Such ambitions make legitimacy key.
"We make sure everyone follows the rules at our events," Martinez says. "If someone makes trouble, we call the police. And the police come, walk right through the event, past all this medical marijuana, and throw the people out. We're above board, and we want to keep it that way."
The fifth annual Oregon Medical Cannabis Awards were held in December in a drab building next to Portland's Convention Center. The event was as notable for its banality as its oddity.
Yes, the Awards are the only major non-clandestine cannabis competition in the United States. And yes, 28 different strains were evaluated for flavor, aroma, potency and other qualities, with prizes in every category. The judges—all cardholding patients—filled out elaborate score sheets, complete with Wine Spectator-style comments ("A very pine-like smell...").
And yes, you could see a Buddhist monk line up behind a NASCAR-dad type in a camo ball cap to buy tickets to a raffle for a glass bong autographed by Tommy Chong.
Mostly, though, the Awards comprised a businesslike tradeshow and buffet banquet. The biggest prizes were reserved for the strains determined to pack the most potent medicinal punch.
The idea is to figure out which strains work best for particular illnesses. Prizewinners are quickly disseminated through the growers' network.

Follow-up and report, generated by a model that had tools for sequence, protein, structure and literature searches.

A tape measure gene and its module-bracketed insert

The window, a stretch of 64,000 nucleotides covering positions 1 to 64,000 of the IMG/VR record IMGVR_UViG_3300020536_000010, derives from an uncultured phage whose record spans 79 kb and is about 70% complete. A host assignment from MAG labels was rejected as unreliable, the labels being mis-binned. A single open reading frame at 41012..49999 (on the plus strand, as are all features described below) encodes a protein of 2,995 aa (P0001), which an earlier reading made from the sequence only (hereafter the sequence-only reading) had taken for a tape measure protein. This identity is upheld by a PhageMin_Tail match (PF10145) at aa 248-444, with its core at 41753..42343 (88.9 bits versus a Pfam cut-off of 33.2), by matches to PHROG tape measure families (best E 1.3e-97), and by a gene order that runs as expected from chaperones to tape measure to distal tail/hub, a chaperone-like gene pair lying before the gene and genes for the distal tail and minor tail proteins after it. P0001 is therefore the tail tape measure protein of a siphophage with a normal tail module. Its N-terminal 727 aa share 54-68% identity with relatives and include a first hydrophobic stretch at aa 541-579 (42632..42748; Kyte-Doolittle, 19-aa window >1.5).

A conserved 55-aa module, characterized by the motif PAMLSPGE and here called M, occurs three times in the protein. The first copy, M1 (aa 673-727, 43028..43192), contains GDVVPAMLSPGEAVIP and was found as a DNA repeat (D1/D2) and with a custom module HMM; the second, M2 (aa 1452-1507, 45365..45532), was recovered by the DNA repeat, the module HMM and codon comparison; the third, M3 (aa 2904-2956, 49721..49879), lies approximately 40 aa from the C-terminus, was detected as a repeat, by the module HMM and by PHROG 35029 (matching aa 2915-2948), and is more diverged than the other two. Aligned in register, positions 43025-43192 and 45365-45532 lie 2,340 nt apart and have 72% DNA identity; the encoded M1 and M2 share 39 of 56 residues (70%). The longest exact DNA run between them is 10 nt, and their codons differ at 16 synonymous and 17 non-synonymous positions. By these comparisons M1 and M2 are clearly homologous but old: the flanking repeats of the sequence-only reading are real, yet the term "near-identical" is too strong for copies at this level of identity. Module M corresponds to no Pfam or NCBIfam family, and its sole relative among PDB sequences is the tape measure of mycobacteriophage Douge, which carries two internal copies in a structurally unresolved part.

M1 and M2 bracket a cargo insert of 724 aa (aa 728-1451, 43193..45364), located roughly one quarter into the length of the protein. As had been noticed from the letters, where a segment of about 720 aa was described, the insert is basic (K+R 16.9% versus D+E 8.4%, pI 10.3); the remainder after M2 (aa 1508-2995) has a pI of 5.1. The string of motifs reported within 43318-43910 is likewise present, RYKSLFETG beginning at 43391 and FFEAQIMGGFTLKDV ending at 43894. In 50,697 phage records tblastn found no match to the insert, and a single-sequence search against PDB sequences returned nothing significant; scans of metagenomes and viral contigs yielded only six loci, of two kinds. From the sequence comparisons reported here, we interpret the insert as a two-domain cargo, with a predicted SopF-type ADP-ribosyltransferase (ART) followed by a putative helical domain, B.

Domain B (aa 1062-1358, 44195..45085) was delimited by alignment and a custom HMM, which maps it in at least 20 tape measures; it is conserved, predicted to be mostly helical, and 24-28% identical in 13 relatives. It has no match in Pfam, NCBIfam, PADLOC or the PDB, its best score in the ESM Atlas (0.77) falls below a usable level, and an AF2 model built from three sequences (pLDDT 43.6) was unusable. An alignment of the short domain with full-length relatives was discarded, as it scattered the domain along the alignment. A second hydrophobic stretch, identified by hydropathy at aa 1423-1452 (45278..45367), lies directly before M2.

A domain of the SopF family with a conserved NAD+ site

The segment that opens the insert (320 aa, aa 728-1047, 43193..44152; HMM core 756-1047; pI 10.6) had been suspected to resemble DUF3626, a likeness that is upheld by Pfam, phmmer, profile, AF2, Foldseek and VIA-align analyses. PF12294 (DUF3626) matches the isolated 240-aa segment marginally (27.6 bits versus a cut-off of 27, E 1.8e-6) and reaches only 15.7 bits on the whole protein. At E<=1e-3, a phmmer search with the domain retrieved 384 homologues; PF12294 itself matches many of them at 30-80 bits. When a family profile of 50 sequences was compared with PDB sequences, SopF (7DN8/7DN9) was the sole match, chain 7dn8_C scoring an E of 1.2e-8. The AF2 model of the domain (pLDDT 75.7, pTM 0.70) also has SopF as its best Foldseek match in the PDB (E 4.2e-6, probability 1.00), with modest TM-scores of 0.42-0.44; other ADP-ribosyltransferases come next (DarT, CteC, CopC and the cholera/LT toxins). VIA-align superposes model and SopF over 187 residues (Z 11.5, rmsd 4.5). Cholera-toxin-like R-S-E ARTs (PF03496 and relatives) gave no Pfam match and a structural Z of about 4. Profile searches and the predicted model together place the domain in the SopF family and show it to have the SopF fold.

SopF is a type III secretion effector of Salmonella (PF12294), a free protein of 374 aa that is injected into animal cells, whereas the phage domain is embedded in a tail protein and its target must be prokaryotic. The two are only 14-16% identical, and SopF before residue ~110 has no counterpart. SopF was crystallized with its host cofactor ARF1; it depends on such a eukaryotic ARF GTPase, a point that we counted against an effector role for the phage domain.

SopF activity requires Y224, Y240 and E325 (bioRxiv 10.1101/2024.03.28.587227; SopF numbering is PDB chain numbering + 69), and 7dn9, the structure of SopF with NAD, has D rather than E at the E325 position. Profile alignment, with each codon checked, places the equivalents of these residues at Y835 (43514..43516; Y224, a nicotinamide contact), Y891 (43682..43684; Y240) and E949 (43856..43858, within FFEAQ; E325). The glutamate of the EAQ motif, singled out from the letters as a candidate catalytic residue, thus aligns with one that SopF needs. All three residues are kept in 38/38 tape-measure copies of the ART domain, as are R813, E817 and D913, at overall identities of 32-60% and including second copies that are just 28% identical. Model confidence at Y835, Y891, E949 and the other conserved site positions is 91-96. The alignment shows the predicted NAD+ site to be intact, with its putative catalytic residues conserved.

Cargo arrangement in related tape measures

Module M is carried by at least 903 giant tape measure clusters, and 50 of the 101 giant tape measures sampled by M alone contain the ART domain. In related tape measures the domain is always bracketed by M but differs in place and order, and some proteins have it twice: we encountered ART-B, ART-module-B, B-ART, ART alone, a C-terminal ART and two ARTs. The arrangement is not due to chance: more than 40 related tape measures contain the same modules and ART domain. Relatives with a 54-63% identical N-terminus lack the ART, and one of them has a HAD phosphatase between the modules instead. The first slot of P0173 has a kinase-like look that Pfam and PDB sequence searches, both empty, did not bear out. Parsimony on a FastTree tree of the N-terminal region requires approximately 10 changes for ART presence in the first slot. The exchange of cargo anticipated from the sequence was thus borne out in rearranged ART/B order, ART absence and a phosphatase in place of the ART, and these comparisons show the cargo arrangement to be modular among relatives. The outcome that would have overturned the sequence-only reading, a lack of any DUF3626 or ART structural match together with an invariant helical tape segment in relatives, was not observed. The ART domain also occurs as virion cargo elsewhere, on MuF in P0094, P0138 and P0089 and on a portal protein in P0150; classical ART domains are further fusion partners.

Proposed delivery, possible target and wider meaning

The festivities also give people whose pride and joy grows in basements and behind high fences a moment of quasi-celebrity. During the tradeshow, I met a man named Bobby B., a towering, gray-haired Vietnam vet. Bobby B. grows Sellwood Thunder, a venerable Portland strain featured in High Times twice. He handed me a business card. A photo on the card's reverse side showed Bobby posing by a luxurious green bush. The front of the card read: "Look for Bobby B.'s new hybrid, Thunder Jack."
"I started growing Sellwood Thunder because it was known for being rich, full-bodied herb," Bobby B. told me. "But most importantly, it had low smell, so it was hard for cops to detect. There would be times that you couldn't even get a crop in because of law enforcement.
"Now, everything's changed. I would say we have some of the best growers in the world here in Oregon, doing it legitimately. I still grow the same way I grew 20 years ago. But now I can show people what I do."
On a cold January afternoon, the Mount Tabor Theater is a DEA agent's vision of hell.
The dim, cavernous old nightclub on Southeast Hawthorne Boulevard is packed with more than 200 medical-marijuana cardholders and growers. (The monthly meeting always draws a capacity crowd.) As soon as the place is full, the front doors are locked. An inferno of joints and pipes erupts. Within minutes, a dense fog of aromatic smoke fills the club's high, arched ceilings.
The meeting is primarily a networking opportunity. Would-be gardeners hook up with patients in search of suppliers. Old men hobble behind walkers; electric wheelchairs slowly navigate the crowd. Pale, drawn faces suck avidly at pipes. A chair-bound woman rolls past, her hands shaking so badly she can barely slide a tiny baby cannabis plant into a brown paper bag.
A long table holds a veritable bazaar of midget starter plants, free for the taking. Blueberry God sits next to a "Hawaiian/KGB cross." The strain called Medicine Woman, which won the overall championship at this year's Awards, is going fast. (Medicine Woman's developer, a near-legendary Eastern Oregon grower named Dave Verstoppen, gets a huge ovation later.) G13, Mango, Cush, Shibah, Juicy Fruit—the genetic variation on display puts the Westminster Kennel Club in the shade.